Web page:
Sun Closing In on Cloud Service Launch
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SAN FRANCISCO -- Sun Microsystems, in the midst of a reorganization to reverse its recent losses, is inching toward the launch its own cloud computing service.
Lew Tucker, chief technology officer of Sun's (NASDAQ: JAVA) cloud computing business unit, made the announcement with Sun's CEO and President Jonathan Schwartz at the SugarCRM conference here.
"We think there will be lots of public and private clouds throughout the Internet," Tucker told the audience. "We'll see generalized clouds like Amazon.com (NASDAQ: AMZN) and specialized clouds, for different vertical needs like high-performance computing, and we see Sun as being a major player in the cloud."
He declined to comment further. Schwartz said details will be disclosed at Sun's CommunityOne event taking place March 18th and 19th in New York.
Sun's entry into the cloud has been taking shape for months. The vendor's strategy is targeting three layers: software as a service (SaaS), platform as a service (PaaS) and infrastructure as a service.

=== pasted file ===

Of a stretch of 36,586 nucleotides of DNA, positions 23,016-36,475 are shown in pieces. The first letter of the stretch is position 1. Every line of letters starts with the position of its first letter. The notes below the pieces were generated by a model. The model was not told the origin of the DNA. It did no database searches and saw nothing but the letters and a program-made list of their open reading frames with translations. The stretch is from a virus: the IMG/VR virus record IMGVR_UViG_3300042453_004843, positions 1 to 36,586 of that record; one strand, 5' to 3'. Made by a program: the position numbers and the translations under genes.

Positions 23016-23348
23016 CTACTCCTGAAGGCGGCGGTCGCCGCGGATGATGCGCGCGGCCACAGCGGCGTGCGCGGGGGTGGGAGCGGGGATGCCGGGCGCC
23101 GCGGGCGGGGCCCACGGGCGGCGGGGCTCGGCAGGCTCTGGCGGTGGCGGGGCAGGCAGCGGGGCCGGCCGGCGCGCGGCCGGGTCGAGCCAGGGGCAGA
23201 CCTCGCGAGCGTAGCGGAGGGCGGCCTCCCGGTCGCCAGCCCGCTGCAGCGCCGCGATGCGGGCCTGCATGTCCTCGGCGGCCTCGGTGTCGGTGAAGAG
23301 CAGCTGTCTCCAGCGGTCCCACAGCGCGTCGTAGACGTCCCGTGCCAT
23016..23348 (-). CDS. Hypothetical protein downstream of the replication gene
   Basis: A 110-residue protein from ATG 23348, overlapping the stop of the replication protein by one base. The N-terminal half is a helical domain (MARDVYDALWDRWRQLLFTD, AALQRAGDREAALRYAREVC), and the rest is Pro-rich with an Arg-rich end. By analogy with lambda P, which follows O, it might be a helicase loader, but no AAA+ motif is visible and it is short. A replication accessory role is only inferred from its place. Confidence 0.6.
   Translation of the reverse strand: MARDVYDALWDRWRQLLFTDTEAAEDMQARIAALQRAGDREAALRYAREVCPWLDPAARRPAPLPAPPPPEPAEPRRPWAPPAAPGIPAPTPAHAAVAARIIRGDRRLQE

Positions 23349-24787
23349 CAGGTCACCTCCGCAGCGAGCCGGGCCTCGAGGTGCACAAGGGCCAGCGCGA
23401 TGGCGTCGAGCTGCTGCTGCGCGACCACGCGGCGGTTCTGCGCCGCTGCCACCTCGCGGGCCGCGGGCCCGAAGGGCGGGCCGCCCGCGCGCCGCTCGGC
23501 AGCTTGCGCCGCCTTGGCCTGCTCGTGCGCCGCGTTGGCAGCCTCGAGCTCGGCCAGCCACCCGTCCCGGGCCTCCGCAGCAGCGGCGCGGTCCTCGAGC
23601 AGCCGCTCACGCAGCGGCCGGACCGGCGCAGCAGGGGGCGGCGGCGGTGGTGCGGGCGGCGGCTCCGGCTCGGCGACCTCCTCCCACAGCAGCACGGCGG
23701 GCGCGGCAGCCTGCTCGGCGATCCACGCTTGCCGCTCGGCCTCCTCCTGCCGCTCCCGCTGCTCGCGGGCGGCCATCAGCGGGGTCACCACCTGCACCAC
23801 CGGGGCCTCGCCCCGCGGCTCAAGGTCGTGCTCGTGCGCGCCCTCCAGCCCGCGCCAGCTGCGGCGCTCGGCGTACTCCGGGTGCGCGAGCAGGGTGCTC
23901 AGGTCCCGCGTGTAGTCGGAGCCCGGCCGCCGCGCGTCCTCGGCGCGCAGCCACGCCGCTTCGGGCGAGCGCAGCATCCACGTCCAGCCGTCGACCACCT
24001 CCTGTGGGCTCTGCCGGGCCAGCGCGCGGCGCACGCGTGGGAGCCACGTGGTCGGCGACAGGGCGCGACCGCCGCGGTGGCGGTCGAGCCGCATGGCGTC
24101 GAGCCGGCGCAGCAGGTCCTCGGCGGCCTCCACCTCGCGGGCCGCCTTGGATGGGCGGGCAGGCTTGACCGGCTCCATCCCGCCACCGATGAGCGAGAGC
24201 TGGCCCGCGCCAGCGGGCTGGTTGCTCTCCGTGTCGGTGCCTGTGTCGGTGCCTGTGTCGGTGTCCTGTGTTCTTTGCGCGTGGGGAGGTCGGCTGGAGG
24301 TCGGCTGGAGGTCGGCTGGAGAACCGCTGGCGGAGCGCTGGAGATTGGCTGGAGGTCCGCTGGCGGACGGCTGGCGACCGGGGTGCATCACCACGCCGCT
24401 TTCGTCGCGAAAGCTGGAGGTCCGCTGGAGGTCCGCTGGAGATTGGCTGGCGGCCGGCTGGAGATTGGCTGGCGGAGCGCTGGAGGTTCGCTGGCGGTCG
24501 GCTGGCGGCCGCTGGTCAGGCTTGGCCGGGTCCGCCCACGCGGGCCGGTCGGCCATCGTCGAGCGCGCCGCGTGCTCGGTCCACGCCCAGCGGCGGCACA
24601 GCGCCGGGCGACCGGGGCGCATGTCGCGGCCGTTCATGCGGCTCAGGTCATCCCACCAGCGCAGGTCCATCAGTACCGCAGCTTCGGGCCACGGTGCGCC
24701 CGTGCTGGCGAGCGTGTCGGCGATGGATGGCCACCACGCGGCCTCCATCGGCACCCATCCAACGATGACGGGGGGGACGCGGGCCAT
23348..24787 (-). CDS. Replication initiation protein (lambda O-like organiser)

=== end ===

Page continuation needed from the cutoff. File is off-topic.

Earlier this month, Sun snapped up Q-layer, a provider of middleware for dynamically provisioning cloud computing services. Sun was skimpy on financial details, but the assets are expected to be rolled into its cloud computing business unit.
When it does get its cloud computing service into the market, Sun will face strong competition, not only from Amazon.com and established players such as RackSpace (NYSE: RAX) and 3Tera, but also from Microsoft (NASDAQ: MSFT), which announced its Windows Azure cloud service at its Professional Developers Conference in October. IBM, (NYSE: IBM) is also picking up speed with its cloud computing strategy.
Sun's rush to the cloud is understandable. Research firm IDC said cloud computing will be a growth area for the next 20 years in its predictions for 2009, and the pace of adoption of the cloud will accelerate this year.
"It's the compelling nature of the front end that makes the back end service and platform so entertaining," Sun's Schwartz said in his keynote speech. "For years, we have been distributing a tremendous amount of software. With the evolution of Sun's cloud it will become the front end."